Andrew Garfield is Desmond Doss

Andrew Garfield is Desmond Doss

Reel Reviews: One for the adults and for the kids

Taylor, Howe and Fenin review Mel Gibson’s Hacksaw Ridge and the kids’ cartoon feature Trolls.

  • Nov. 11, 2016 12:00 p.m.

This week we have reviewed Mel Gibson’s Hacksaw Ridge and the kids’ cartoon feature Trolls, with the help of Master Fenin Howe.

Hacksaw Ridge tells the true story of Pte. 1st Class Desmond Doss (Andrew Garfield), who won the Congressional Medal of Honour by saving 75 men during the Battle of Okinawa despite refusing to ever fire a weapon.

Doss is first ostracized by his brothers-in-arms and his sergeant (Vince Vaughn), but their tune changes when they all retreat and he stays.

Trolls is about the Bergens, a group of miserable ogre-type creatures that must eat the trolls to make them happy, even if it is for only one day of the year. The only thing standing in their way is the trolls fearless leader Poppy (Anna Kendrick) and over-cautious Branch (Justin Timberlake).

FENIN: Hey dad, don’t forget about all the great music in Trolls:

“I got this feeling inside my bones;

It goes electric, wavey when I turn it on…”

HOWE: Really Fenin, you are going to sing it again for the millionth time?

Anyway, the movie was good. It has a happy feeling to it and made me smile throughout. And yes, the soundtrack is great: some real blast from the pasts for the parents plus a couple of new original songs that I hadn’t heard before that the kids will like.

TAYLOR: Pte. Doss, as he is depicted, is a simple man of religious conviction, an American patriot who wanted to go to war because, like so many of his friends, he felt that justice for the bombing of Pearl Harbour should be served. However, for reasons I shan’t spoil by mentioning, his voluntary service has the stipulation that he would not kill, wouldn’t even touch a weapon. This part of the story is the meat of what is interesting in Hacksaw Ridge. And for delivering it, surprisingly well, we have Andrew Garfield to thank.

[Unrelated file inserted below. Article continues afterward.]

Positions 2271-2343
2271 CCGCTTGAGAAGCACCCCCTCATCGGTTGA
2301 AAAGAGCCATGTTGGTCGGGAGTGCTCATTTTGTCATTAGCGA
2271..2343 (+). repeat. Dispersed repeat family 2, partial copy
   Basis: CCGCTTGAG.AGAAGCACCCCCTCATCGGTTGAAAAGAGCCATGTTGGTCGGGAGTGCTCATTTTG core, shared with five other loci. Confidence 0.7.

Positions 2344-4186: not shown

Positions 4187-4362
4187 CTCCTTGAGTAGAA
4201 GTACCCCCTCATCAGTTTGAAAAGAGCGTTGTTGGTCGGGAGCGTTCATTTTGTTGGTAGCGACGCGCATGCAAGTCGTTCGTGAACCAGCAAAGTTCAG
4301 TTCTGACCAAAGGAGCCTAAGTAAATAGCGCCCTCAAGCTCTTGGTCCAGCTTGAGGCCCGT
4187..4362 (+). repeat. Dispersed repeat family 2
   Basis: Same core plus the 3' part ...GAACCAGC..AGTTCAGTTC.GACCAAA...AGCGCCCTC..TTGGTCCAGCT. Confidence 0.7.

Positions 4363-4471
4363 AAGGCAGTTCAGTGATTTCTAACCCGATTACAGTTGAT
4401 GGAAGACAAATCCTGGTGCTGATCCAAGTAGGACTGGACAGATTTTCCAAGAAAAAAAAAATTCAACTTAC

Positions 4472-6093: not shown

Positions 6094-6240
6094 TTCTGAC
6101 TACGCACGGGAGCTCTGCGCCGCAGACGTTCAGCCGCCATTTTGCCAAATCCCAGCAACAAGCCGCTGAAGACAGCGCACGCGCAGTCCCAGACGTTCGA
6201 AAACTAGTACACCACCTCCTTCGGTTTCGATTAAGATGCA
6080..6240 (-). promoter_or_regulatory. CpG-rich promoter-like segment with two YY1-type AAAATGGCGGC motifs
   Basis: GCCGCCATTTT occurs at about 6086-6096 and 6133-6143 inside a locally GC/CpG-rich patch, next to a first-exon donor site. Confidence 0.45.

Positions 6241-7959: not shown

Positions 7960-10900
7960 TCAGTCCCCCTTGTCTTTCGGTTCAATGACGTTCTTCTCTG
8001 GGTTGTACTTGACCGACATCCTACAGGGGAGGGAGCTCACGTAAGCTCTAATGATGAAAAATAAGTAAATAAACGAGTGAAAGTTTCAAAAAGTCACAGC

Doss is an odd duck, obviously, and Garfield is believable. Still, our duck has to move through a story with other characters and locations. It is in these scenes where things aren’t exactly lacking, but they are more akin to other war films we have seen.

The opening romance with his sweetheart is squeaky clean and apple pie. The boot camp scenes are somewhat comical and locker room. The war scenes are gruesome and intentionally blunt.

FENIN: What I liked about Trolls was that you could see the difference between Branch and the other trolls when he was sad. In the beginning of the movie, he was all grey but by the end of the movie he had found his happiness and changed colour.

“I got this feeling inside my bones; It goes electric…”

HOWE. Give me strength.

TAYLOR: Well, I liked my film too, even though it was a bit melodramatic and contained perhaps a few too many body parts flying around.

I was able to get lost in the story and only occasionally was annoyed by directorial decisions that I wouldn’t have made.

I saw the film with my friend Corky (there’s only one Corky). He too thought the film was a quality telling of the story and that viewers should have a strong stomach. Gibson seems to have a knack for gruesome stories. In this one, at least, there is some honour.

– Taylor gives Hacksaw Ridge 4 stretchers out of 5.

– Fenin gives Trolls 3 roller-skates out of 5.

– Howe gives Trolls 3 serving pots out of 5.

– Brian Taylor and Peter Howe are film reviewers based in Vernon, B.C. Their column. Reel Reviews, is published in The Morning Star every Friday.